Australian Maritime Safety Authority has released the Singapore-flagged bulk carrier Orient Becrux from the Port of Newcastle, one day after it detained the 2012-built, 33,383 dwt ship for alleged illegal unlashing of its cargo at sea.
The Orient Becrux was found by AMSA to have breached the International Convention for the Safety of Life at Sea after the Hong Kong-based charterer reportedly made the Filipino crew unlash the cargo at sea, according to the Maritime Union of Australia (MUA).
Nippon Kaiji Kyokai, the issuing authority for the Safety Management Certificate and the ship’s Classification Society, conducted an audit onboard ship and requested corrective action regarding ship board procedures and cargo securing.
Australian Health and Safety law dictates that cargo should only be unlashed by qualified Australian stevedores while the ship is berthed. The International Transport Workers’ Federation (ITF) believes that some of the cargo included 300 rail cars and other general bulk.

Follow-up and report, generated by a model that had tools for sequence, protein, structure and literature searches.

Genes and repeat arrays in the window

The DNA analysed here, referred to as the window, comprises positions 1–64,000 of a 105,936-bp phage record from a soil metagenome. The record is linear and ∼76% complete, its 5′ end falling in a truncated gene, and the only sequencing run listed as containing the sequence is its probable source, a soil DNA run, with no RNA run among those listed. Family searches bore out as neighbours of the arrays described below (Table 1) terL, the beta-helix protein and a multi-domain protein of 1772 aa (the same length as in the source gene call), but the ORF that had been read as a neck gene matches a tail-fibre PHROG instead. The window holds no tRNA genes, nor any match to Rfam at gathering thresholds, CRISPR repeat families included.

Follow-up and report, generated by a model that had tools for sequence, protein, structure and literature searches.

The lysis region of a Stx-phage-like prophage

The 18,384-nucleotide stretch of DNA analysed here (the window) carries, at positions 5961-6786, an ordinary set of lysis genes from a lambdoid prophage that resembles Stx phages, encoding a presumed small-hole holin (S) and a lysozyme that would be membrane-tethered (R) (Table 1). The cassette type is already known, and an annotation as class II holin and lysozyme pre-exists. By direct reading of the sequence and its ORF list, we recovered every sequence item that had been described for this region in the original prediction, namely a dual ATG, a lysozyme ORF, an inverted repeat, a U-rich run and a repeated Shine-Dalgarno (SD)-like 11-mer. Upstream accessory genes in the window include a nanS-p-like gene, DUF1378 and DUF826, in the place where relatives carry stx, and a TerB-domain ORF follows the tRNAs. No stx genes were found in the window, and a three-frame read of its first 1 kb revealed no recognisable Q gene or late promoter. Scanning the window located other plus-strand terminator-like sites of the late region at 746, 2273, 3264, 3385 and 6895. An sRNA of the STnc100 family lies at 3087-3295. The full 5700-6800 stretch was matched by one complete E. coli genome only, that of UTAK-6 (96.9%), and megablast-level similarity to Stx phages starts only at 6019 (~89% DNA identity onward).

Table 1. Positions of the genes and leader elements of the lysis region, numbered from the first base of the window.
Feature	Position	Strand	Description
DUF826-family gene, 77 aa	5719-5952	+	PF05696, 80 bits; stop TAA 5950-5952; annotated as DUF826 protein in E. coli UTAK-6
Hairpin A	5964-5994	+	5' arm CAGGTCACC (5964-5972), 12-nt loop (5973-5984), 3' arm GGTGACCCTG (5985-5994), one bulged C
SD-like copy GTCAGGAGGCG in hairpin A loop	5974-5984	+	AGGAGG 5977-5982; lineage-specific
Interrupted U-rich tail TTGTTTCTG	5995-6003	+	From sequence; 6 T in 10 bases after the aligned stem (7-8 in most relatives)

ITF Australia Co-ordinator Dean Summers said that unlashing at sea was an egregious breach of safety by Pacific Basin shipping that had put the whole crew’s life at risk.
“In this instance they were lucky there was no major incident,” Summers said. ”In a worst-case scenario, the shifting cargo could have caused the ship to sink by compromising its stability. There was also the potential for the ship to block the narrow shipping channel of the world’s busiest coal port, all to save a couple of dollars.”
The Orient Becrux is currently en route to Port Lincoln in South Australia.